Monuments in Mortlake Church, East Sheen

Mortlake Church.

The Church of St Mary the Virgin, Mortlake, in East Sheen, South West London, was built in 1543, and the Tudor tower survives from that time. It replaced a previous church in a different location, and a 15th Century font survives from that building in the present one. The church grew steadily since its erection, with the south aisle being added in 1725 the north aisle lengthened in 1816, with extension to the south aisle and the nave in an early Victorian restoration by the architect Samuel Beachcroft in 1840, and William Blomfield making further changes in 1885 and 1906.

The monuments date from the late 17th Century onwards, with three from the 17th Century, then fairly evenly split between the 18th Century, early 19th Century, and Victorian times, with a couple more from the 20th Century.

Monument to Ursula Sidmouth, d.1814, and detail.

We start with four monuments from the family of Viscount Sidmouth:


The rest of the monuments, in date order:

17th Century:

William Hawkins, d.1677.

18th Century:

Nicholas Goschall and wife, mid-18th Century.

Tablet by local stonemasons Woodiss of Sheen.

Early 19th Century:

Collection of smaller wall monuments in the Church.

Victorian monuments:

20th Century:

One of the stained glass windows.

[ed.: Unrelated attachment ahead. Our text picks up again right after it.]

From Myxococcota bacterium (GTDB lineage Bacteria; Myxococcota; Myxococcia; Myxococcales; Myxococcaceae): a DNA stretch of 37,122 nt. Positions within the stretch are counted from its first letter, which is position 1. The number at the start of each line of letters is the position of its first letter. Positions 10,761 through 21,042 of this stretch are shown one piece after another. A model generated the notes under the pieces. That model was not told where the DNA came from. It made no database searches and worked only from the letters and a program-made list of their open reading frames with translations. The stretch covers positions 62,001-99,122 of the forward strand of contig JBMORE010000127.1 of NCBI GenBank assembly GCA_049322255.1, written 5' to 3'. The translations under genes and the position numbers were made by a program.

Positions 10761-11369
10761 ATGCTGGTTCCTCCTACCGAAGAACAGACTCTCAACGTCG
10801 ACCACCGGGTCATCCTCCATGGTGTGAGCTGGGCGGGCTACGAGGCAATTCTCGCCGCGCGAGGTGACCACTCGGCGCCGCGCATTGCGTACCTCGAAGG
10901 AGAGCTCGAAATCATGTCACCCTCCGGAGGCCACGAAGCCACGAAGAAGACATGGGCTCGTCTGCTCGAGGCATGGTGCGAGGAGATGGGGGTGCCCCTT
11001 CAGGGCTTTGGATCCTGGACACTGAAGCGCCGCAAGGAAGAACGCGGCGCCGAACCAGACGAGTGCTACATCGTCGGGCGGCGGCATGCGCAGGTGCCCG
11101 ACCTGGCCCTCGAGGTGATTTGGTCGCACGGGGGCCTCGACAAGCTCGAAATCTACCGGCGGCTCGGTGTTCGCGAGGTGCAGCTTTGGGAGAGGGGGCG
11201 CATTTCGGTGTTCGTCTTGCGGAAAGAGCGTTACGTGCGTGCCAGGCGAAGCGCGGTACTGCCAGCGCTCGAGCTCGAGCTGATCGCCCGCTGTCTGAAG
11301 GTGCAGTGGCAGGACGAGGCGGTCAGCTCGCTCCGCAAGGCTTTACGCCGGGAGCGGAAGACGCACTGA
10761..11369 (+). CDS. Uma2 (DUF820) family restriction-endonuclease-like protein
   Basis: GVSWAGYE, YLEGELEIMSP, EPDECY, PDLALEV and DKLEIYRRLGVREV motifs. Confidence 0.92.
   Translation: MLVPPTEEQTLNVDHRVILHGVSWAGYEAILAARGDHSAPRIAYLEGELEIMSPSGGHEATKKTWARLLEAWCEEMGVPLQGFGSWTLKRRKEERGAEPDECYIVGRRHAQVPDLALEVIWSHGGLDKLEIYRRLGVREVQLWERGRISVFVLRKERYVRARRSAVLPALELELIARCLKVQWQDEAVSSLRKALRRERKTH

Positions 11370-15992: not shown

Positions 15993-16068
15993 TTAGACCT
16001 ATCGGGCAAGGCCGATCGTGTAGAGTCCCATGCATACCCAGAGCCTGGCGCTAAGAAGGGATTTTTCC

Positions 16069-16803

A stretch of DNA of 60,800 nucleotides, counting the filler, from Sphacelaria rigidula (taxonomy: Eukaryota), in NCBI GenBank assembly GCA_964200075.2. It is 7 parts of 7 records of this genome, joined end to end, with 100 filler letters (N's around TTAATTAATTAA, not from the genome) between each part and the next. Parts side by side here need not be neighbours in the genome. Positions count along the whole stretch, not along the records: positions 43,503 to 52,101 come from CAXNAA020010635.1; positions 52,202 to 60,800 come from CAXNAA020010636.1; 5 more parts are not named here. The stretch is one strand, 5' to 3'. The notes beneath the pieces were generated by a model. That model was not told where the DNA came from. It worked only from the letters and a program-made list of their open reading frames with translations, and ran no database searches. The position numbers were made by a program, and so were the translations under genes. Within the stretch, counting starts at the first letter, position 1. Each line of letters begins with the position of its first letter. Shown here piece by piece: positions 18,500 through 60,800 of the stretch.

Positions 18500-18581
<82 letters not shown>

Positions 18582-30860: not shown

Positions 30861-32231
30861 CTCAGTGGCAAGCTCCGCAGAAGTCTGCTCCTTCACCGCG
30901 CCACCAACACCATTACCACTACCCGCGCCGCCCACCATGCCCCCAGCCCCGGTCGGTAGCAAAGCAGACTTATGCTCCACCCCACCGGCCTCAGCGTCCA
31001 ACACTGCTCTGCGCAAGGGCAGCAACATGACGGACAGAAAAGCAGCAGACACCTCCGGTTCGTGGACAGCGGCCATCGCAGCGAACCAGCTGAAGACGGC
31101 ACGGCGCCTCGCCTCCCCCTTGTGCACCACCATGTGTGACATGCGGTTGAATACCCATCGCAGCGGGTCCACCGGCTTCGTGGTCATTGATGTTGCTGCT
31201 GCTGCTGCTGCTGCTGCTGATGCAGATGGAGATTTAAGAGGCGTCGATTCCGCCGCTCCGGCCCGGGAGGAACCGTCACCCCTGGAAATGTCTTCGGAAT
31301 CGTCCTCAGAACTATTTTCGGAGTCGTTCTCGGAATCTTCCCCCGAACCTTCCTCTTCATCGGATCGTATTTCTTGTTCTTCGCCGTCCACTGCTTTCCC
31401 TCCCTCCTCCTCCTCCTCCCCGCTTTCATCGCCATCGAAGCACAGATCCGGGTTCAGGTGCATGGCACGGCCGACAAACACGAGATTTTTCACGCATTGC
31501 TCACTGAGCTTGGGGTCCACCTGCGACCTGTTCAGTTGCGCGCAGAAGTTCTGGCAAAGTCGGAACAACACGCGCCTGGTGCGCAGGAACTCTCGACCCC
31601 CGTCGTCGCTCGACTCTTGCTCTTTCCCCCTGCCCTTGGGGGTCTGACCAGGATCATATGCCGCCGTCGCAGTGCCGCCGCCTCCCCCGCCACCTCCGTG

Also in the Church:

Medieval west entrance, and Edward and Samuel Athawes obelisk, late 18th Century.

The West entrance of the Church was removed in Victorian times and placed in the churchyard, which was sympathetically restored in 1980s. Among various tomb chests and the normal variety of tablets, may be seen those shown here, including one with a skull and crossbones, and another, less usual in design, with an elegant Greek pot with two cherubic heads in low relief. There is also an Obelisk to Edward Athawes, d.1767 and son Samuel Athawes, Virginia merchants.

View of Mortlake Church and churchyard in the 1850s.

With thanks to the Church authorities for permission to use photos from inside the Church; their website is at

A couple of minutes walk from the Church, in North Worple Way, is the Roman Catholic church of St Mary Magdalene, which in its small churchyard has the tomb of Sir Richard Francis Burton, d.1890. The famous explorer of the East and translator of the Arabian Nights appropriately has a mausoleum in the shape of a Bedouin Arab tent, designed by his wife, Lady Isabel Burton (d.1896). An inscription on the front commemorates both of them.

Mausoleum to Sir Richard Francis Burton, St Mary Magdalene RC.

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Nearby, Twickenham Church // Kew Church // Richmond Church

Monuments in some London Churches // Churches in the City of London // Introduction to church monuments

Angel statues // Cherub sculpture // London sculpture // Sculptors


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